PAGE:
New Study Shows How Parasites Turn Tiny Brown Amphipods into Neon Zombies
A new study that started as a student project from the MBL Ecosystems Center and Brown University reveals genetic and other biological mechanisms that allow a parasitic worm to manipulate its host.
Salt marshes are home to tiny crustaceans called amphipods that keep a low profile: Their gray-brown coloring helps them blend in with their surroundings, and they spend most of their time hiding under vegetation. But when amphipods are infected with a parasitic worm called a trematode, they turn bright orange and lose their tendency to run for cover when exposed. This bizarre behavior makes them stand out to predators — as well to scientists.
Over time, with advancements in molecular genetics, computational tools and biomedical technology, faculty and student scientists have made unexpected discoveries about the relationship between amphipods and the parasitic worms that prey upon them.
In a new study published in Molecular Ecology, researchers provide a detailed analysis of the molecular mechanisms that allow the parasites to manipulate their hosts, and explain what’s happening to the amphipod’s biology that causes it to respond to the parasite in such distinct ways.
The work started in 2013 as part of the Brown University-Marine Biological Laboratory research program that trained students “to think interdisciplinarily and to apply genomic techniques to ecological and evolutionary questions,” said Zoe Cardon, senior scientist at the MBL Ecosystems Center.
“Characterizing the molecular mechanisms of manipulation is important to advancing understanding of host–parasite coevolution,” said study author David Rand, a professor of natural history and chair of the ecology, evolution and organismal biology department at Brown.
The relevance of the findings extends far beyond the salt marsh, Rand said, especially when considered in context of certain pathogens that infect humans.
The evolution of a biological research project
The trematode worm’s interaction with the amphipods makes Darwinian sense, according to Rand. Parasites manipulate hosts to ensure their transmission so they can continue to reproduce. They’re an example of “prudent parasites” that don’t kill their hosts right away or ever, giving the parasites time to reproduce or move to another host.
The type of “zombie” manipulation seen in the amphipods isn’t unheard of in the natural world. However, Rand said, less has been known about the precise ways that parasitic worms have been able to cause changes in the amphipods that affect behavior, appearance and immune function.
Anne Giblin, Director of the MBL Ecosystems Center, credited David Johnson of the Virginia Institute of Marine Sciences for recognizing the implications of the orange amphipods. “Other people had not even noticed them, or if they had, simply thought it was a different species. David knew this was an unusual color morph of a common species and figured out the color was a result of an infection by parasites,” said Giblin.
In the new study, the scientists used RNA sequencing to identify genes whose function match the three big changes in the host’s traits. They discovered that trematode infection results in activation of amphipod gene transcripts associated with pigmentation and detection of external stimuli, and suppression of multiple amphipod gene transcripts implicated in immune responses.
The researchers hypothesized that suppression of immune genes and the altered expression of genes associated with coloration and behavior may allow the parasite to persist in the amphipod and engage in further biochemical manipulation that promotes transmission.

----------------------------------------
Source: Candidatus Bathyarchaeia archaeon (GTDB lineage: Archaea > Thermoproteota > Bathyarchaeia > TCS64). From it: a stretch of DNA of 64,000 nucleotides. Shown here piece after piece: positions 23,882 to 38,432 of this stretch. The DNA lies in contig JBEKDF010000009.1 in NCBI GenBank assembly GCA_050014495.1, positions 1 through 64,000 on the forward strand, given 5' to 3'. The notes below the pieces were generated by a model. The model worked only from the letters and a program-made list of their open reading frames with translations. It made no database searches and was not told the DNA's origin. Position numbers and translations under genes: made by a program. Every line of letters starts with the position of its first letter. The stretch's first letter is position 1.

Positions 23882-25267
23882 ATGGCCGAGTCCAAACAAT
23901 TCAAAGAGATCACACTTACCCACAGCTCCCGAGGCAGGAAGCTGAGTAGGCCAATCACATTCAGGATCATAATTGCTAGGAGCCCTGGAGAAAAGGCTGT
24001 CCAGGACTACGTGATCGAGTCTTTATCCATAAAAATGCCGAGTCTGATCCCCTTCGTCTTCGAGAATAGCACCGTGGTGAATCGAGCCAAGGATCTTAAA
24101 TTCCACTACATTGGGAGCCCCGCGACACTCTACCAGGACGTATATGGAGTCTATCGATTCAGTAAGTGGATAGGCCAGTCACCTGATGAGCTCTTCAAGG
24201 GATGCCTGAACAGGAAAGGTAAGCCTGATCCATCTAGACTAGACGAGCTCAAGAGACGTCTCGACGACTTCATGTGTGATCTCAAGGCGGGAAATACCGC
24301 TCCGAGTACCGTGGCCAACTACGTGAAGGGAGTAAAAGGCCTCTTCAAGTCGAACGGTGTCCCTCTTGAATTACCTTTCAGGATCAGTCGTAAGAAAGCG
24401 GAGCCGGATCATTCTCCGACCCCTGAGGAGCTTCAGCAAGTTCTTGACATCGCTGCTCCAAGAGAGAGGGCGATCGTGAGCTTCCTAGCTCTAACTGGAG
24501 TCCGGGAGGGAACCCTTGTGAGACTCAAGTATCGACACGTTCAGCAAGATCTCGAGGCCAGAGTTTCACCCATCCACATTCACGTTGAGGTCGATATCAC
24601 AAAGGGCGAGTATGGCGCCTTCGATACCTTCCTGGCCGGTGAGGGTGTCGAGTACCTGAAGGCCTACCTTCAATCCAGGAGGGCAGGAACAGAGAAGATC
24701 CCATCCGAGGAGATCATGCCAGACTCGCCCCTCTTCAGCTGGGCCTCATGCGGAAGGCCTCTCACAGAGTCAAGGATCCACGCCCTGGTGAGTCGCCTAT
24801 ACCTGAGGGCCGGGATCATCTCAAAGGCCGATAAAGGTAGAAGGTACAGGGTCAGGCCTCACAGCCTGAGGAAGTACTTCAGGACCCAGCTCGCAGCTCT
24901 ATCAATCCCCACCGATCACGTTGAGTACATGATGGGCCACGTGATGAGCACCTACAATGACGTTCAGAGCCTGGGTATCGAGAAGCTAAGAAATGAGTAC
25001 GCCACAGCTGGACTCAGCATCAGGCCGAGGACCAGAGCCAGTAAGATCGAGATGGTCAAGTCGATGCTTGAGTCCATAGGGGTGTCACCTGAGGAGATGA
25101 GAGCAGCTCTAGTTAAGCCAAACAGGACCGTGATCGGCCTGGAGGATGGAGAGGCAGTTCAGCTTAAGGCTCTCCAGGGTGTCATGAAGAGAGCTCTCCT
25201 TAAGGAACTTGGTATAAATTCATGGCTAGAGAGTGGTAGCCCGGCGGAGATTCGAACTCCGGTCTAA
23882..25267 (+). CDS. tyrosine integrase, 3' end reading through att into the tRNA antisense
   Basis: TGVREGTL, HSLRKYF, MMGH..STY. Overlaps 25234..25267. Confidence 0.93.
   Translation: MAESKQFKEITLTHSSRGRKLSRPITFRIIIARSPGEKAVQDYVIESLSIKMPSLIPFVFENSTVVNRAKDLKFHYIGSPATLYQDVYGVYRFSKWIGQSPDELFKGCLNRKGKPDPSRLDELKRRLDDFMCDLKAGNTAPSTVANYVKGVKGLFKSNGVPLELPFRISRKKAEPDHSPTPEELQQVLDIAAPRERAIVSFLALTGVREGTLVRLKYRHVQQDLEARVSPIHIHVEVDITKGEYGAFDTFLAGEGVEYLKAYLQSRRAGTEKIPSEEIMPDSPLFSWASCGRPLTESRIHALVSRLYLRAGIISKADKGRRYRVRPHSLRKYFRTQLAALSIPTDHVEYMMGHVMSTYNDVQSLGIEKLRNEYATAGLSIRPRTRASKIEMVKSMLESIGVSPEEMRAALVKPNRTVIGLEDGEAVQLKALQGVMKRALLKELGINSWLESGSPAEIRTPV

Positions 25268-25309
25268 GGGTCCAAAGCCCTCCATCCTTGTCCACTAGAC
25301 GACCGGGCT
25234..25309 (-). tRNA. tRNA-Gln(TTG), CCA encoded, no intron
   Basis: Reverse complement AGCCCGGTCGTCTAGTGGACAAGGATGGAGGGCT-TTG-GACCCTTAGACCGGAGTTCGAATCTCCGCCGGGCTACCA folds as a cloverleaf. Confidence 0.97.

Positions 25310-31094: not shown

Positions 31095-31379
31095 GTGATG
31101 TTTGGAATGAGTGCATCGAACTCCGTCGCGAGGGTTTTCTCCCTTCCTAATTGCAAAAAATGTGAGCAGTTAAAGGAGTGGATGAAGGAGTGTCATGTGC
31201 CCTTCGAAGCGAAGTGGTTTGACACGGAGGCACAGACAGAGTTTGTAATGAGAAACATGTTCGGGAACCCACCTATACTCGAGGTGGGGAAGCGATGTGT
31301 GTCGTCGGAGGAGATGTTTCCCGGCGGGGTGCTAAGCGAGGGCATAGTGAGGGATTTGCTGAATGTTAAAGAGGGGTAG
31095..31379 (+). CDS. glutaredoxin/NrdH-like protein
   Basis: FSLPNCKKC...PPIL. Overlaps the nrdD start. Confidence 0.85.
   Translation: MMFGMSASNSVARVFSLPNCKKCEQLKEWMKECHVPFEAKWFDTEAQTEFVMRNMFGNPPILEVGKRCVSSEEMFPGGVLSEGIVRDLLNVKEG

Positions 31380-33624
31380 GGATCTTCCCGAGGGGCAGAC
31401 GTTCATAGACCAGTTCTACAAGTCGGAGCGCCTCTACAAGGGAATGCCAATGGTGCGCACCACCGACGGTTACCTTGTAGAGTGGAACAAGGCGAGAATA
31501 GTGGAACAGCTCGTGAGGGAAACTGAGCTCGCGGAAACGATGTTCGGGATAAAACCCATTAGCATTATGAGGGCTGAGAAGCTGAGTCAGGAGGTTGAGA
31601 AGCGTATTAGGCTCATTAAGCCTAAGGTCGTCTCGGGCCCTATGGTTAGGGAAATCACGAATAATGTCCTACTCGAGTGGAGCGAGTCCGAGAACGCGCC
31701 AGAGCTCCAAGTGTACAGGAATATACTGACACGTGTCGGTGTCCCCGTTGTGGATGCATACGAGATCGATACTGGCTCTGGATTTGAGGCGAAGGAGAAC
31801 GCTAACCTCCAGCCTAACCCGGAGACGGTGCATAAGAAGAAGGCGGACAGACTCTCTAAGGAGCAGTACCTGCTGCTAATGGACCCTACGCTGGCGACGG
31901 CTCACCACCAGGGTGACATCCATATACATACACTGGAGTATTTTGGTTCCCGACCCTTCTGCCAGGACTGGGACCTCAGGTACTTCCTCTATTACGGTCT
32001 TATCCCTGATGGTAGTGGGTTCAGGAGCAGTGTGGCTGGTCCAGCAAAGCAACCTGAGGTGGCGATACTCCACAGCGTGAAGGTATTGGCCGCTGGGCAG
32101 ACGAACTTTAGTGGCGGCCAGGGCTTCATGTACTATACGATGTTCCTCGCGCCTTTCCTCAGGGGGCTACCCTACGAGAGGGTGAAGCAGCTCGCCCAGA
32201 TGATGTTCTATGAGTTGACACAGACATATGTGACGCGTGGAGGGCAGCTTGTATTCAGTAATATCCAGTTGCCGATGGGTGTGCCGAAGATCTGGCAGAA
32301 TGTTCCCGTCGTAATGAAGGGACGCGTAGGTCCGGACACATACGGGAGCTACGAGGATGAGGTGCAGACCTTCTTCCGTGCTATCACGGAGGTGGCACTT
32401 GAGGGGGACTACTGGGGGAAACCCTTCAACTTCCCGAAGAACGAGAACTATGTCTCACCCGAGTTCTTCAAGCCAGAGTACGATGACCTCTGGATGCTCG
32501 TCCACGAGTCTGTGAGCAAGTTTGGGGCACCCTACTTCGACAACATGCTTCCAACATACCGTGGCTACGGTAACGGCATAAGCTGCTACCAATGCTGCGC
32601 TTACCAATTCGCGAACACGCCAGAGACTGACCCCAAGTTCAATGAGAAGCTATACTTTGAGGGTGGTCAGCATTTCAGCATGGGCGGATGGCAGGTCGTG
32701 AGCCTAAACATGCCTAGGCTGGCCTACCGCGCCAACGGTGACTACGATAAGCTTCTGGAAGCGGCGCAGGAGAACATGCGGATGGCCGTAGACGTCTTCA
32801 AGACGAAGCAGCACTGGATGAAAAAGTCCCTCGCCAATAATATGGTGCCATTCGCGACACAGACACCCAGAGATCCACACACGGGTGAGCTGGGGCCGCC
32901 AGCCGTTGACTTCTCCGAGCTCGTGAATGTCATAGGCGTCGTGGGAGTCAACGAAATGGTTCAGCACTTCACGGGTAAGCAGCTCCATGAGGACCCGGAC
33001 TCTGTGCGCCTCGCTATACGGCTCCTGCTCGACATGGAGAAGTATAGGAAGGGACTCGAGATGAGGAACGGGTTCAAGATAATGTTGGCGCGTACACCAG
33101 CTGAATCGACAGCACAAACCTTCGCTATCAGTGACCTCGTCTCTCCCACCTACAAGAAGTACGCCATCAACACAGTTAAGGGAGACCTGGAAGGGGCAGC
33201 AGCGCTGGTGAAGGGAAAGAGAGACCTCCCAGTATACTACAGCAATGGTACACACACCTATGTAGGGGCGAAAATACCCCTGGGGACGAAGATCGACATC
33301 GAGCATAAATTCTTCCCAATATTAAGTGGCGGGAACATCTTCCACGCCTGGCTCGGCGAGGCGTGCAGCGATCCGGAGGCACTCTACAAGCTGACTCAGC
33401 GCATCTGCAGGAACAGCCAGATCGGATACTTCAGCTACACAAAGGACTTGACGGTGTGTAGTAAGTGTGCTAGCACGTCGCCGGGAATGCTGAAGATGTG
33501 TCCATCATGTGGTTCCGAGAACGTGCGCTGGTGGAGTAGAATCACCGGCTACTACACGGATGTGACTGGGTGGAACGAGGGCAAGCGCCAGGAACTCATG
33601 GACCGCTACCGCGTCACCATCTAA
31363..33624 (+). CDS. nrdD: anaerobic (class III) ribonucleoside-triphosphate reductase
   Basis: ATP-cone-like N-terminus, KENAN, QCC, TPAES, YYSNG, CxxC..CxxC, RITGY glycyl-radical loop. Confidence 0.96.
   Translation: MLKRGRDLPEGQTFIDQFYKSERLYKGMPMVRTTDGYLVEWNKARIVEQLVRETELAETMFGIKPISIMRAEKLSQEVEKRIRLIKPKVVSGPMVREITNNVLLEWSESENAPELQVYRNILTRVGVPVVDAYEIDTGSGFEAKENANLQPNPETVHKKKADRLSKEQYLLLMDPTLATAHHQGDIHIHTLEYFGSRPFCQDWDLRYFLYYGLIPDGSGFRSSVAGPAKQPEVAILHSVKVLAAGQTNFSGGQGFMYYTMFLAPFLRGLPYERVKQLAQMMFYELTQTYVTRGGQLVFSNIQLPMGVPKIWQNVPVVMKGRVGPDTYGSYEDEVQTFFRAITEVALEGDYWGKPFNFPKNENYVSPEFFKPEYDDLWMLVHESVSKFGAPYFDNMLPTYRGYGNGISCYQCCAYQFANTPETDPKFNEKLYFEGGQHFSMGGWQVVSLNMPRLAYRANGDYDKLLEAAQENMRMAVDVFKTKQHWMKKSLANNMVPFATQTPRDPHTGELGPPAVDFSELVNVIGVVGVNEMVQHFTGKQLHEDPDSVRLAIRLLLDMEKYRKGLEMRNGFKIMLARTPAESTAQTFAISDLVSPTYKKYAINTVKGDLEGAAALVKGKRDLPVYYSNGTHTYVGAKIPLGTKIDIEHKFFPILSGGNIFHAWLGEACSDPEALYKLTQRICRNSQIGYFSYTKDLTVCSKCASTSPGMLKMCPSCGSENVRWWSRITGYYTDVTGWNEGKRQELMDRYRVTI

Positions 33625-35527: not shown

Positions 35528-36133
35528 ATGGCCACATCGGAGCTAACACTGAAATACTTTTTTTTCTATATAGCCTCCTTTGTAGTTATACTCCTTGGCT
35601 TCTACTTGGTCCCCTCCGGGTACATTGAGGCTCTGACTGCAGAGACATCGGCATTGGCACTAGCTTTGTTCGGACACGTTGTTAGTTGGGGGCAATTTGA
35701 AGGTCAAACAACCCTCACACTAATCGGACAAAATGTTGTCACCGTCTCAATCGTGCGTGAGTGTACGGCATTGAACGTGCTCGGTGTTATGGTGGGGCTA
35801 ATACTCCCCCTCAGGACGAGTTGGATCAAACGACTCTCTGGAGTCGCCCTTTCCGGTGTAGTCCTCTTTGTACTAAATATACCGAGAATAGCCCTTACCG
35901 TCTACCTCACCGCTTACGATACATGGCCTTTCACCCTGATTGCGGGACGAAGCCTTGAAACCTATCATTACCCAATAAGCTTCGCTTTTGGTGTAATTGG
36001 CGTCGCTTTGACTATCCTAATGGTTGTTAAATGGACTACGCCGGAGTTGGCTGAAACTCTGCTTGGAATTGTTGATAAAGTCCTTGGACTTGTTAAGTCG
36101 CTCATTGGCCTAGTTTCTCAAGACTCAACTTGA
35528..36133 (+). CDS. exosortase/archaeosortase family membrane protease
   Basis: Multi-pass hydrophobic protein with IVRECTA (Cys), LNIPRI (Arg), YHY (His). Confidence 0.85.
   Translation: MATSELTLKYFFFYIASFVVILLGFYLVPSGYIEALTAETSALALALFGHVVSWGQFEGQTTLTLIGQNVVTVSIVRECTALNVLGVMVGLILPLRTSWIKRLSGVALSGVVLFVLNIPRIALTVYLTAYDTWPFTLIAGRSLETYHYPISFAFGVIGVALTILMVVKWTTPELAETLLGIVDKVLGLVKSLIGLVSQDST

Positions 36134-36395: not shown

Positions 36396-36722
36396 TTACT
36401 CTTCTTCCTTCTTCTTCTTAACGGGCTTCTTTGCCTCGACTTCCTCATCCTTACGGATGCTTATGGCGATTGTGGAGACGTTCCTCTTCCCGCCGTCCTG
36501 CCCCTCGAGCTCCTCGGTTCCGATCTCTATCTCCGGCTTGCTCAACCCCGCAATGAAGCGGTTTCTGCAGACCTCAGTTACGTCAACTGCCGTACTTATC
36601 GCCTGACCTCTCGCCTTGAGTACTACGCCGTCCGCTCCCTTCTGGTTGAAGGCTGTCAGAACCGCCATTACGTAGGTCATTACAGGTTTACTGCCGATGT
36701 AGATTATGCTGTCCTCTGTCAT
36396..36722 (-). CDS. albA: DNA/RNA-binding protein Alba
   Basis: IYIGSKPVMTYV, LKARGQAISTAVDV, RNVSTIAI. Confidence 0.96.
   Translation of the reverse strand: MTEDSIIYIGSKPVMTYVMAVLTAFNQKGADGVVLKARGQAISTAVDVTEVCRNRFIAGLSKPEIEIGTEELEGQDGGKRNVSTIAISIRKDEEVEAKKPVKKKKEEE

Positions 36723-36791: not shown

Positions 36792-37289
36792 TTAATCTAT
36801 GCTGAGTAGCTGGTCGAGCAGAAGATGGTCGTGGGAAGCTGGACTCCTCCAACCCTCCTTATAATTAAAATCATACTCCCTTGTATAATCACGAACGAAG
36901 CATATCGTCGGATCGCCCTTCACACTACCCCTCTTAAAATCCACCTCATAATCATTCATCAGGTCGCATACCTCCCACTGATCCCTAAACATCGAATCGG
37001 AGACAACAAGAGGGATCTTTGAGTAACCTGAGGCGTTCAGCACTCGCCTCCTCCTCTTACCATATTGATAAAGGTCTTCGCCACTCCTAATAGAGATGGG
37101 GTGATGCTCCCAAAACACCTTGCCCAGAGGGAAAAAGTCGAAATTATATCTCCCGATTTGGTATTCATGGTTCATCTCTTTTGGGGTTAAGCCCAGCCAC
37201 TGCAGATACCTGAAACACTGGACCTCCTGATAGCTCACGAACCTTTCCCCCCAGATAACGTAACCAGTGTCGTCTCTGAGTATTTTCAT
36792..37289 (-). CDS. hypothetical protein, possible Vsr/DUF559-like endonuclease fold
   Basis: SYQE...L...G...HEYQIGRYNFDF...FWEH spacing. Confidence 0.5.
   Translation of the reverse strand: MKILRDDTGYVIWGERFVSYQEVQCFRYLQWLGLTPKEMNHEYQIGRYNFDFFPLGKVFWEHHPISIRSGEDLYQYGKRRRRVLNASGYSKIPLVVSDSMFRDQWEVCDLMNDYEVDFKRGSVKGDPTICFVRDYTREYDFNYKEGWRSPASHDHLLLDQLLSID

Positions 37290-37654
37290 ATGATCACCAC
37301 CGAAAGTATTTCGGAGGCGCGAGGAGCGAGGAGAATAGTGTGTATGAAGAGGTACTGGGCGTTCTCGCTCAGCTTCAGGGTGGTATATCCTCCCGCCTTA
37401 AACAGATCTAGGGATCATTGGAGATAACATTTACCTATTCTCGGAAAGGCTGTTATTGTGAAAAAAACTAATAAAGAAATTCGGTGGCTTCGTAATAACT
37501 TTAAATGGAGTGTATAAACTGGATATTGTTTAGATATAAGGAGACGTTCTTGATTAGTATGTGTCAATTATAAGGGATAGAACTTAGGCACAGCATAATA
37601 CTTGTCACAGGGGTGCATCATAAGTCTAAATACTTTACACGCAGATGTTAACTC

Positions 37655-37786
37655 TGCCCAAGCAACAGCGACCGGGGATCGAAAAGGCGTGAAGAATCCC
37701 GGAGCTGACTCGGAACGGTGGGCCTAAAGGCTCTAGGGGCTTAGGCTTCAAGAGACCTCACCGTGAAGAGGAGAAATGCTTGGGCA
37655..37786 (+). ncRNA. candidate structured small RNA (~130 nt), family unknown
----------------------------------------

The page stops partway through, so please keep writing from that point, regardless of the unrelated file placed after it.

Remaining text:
In the paper, researchers concluded that the genomic tools and transcriptomic analyses they reported provide new opportunities to discover how parasites are able to alter the diverse molecular pathways that underlie or determine changes in their hosts.
The research began in 2013 as a collaborative project intended to engage graduate students in sequencing DNA and RNA for questions in the realm of ecology, evolution and environmental science. Every year, a group of Brown Ph.D. students studying subjects including biology, applied math and computer science would take a field trip to a research site at Plum Island Ecosystems Long-Term Ecological Research site (PIE LTER), which is run by the MBL Ecosystems Center.
Cardon said she loved the interdisciplinary nature of the work and said that kind of thinking is important in any type of research.
“Learning to think broadly and work across disciplinary lines is the future of research,” said Cardon, “Many students have wonderful training in very specialized areas, and that is definitely valuable. But we need to be able to collaborate across disciplines, especially when we're facing the monumental planetary change developing all around us today.”
The project was supported by a National Science Foundation IGERT award in Reverse Ecology (NSF DGE 0966060); NSF support for the Plum Island Ecosystems Long-Term Ecological Research site (NSF OCE 1637630); and other awards from the National Institutes of Health (R01GM067862, 1R35GM139607, P20GM109035, NSF DEB 1902712).
Rand, D. M., Nunez, J. C. B., Williams, S., Rong, S., Burley, J. T., Neil, K. B., Spierer, A. N., McKerrow, W., Johnson, D. S., Raynes, Y., Fayton, T. J., Skvir, N., Ferranti, D. A., Zeff, M. G., Lyons, A., Okami, N., Morgan, D. M., Kinney, K., Brown, B. R. P., Giblin, A. E., & Cardon, Z. G. (2023). Parasite manipulation of host phenotypes inferred from transcriptional analyses in a trematode-amphipod system. Molecular Ecology. DOI: 10.1111/mec.17093
This story heavily excerpted a press release from Brown University News. Source: Scientists show how parasites turn marsh-dwelling brown shrimp into neon zombies | Brown University